James Week 1
Seattle Pacific University Professor of New Testament Studies
One God, Made Known in Diverse Ways
Most folks I know conceive of the Bible as relatively uniform. It is God’s word — a single book that tells a single story about a God of singular importance and power. People say, “The Bible says …,” and some churches identify themselves as “Bible-believing.” A closer examination of the Bible’s contents, however, reveals at least two things. Chief among them is the fact that the singular God of the Bible is far more complex than we might realize at first, a God who is made known in diverse ways.
The church would ultimately come to agree that the most “biblically wise” way to conceive of this God is in a threefold manner — a “Father” who is over us in power and holiness, a “Son” who is with us as our friend and companion on the way, and a “Holy Spirit” who resides within and among us to empower our works and direct our decisions. God is singular and diverse at the same time.
Accordingly, the Bible of this God reflects the identity of its Maker. Indeed, on close examination the singular Bible turns out to be a collection of diverse texts. Better: it is a collection of collections! One collection is called “Torah” (or “Pentateuch”), another is called “Prophets,” another “Gospels,” and still another “Pauline letters.”
The Catholic Epistles
A less well-known collection is called “Catholic Epistles” and consists of seven letters — one from James, two from Peter, three from John, and one from Jude. They are found near the end of the New Testament, after the letters of Paul and before the last book of the Bible, the Revelation to John.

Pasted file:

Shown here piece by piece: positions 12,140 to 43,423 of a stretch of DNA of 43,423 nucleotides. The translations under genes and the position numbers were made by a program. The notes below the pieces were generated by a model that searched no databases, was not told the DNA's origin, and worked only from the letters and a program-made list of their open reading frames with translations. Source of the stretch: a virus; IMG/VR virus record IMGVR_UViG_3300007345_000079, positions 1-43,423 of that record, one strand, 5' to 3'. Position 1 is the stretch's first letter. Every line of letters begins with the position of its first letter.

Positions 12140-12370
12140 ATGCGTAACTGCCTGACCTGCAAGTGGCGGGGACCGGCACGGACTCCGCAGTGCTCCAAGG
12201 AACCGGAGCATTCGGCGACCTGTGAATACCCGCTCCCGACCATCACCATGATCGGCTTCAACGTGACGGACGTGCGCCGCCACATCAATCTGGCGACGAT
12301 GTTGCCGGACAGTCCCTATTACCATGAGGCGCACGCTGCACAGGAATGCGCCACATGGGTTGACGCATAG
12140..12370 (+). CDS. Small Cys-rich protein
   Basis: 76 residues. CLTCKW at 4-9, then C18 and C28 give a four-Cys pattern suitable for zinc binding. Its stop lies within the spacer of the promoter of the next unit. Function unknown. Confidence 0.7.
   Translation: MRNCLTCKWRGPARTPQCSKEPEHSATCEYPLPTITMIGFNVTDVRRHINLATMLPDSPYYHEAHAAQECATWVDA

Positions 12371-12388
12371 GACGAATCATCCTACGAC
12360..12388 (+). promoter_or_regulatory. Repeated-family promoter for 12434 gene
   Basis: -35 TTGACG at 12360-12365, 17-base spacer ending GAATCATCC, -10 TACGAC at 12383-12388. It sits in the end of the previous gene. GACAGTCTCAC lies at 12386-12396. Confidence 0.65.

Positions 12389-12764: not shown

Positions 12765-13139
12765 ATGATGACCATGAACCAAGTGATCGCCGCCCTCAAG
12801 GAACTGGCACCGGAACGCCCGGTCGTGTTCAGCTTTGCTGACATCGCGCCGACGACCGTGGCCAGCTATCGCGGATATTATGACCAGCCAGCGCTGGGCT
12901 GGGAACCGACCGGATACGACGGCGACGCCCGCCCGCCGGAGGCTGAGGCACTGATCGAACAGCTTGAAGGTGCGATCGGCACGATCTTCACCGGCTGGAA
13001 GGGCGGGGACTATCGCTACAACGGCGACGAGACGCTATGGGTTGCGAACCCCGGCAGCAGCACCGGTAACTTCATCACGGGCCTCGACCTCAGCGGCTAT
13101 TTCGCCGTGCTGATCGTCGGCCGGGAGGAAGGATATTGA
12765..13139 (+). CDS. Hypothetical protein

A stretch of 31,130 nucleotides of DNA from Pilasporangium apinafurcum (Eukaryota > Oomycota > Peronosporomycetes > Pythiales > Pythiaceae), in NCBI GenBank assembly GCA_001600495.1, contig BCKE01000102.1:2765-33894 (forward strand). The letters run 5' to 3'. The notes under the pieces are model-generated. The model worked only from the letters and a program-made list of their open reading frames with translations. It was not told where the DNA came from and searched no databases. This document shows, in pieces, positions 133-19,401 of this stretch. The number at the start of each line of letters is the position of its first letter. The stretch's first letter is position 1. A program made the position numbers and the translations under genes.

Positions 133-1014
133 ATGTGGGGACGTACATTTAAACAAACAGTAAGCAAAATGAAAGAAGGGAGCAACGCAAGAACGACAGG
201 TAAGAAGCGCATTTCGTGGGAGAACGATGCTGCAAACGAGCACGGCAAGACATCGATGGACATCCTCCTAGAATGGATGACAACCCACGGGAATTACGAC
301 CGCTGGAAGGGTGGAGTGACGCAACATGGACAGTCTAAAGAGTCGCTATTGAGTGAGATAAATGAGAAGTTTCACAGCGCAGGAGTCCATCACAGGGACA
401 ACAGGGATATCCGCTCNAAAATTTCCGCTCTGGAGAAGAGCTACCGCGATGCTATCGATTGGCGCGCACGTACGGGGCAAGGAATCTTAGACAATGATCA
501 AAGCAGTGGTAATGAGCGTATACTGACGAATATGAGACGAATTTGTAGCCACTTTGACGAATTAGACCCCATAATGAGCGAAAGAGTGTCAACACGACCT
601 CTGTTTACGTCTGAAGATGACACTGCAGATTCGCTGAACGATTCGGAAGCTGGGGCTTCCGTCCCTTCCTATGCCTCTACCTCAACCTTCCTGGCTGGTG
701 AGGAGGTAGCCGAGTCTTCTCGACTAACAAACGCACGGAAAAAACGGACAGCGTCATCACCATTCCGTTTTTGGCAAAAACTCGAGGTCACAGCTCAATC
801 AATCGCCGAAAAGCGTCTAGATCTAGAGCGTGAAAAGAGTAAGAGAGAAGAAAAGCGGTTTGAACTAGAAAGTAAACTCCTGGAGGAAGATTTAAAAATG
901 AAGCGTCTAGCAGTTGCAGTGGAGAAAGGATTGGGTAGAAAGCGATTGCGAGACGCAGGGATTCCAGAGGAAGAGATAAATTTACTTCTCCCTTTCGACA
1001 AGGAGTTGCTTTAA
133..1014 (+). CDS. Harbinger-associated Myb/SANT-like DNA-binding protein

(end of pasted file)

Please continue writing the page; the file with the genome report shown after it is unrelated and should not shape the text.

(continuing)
The word “catholic” is often translated “universal” or “general,” but it carries the sense of “wholeness.” Why title this collection “catholic”? There is, on the one hand, a well-known ancient tradition stating that “catholic” refers to the letters’ addressees: While Paul’s letters are written to particular congregations and individuals, these letters are more like encyclicals addressed to the “whole” church. Take a moment to look over the address section of each of these seven letters; you’ll note that most are written to broad, general audiences. This is why Paul’s letters are titled according to their recipients (e.g., “The Letter to the Romans”), while the Catholic Epistles are titled according to their authors (e.g., “The Letter of James”).
On the other hand, the historical record also retains the sense that these letters were included to “round out” the apostolic message and keep it “whole.” The evidence we have strongly suggests that the Catholic Epistles were included in the Bible to function as a corrective for those who championed Paul’s letters in a manner that got them into trouble, oftentimes because their reading of Paul led them to divorce Christianity from its Jewish roots (anti-Judaism), or divorce faith in Christ from obedience to Christ (antinomianism), or divorce the activity of the Spirit from the model of the Son (taking various forms of enthusiasm or Gnosticism). [Author’s Note 1]
Martin Luther and the Catholic Epistles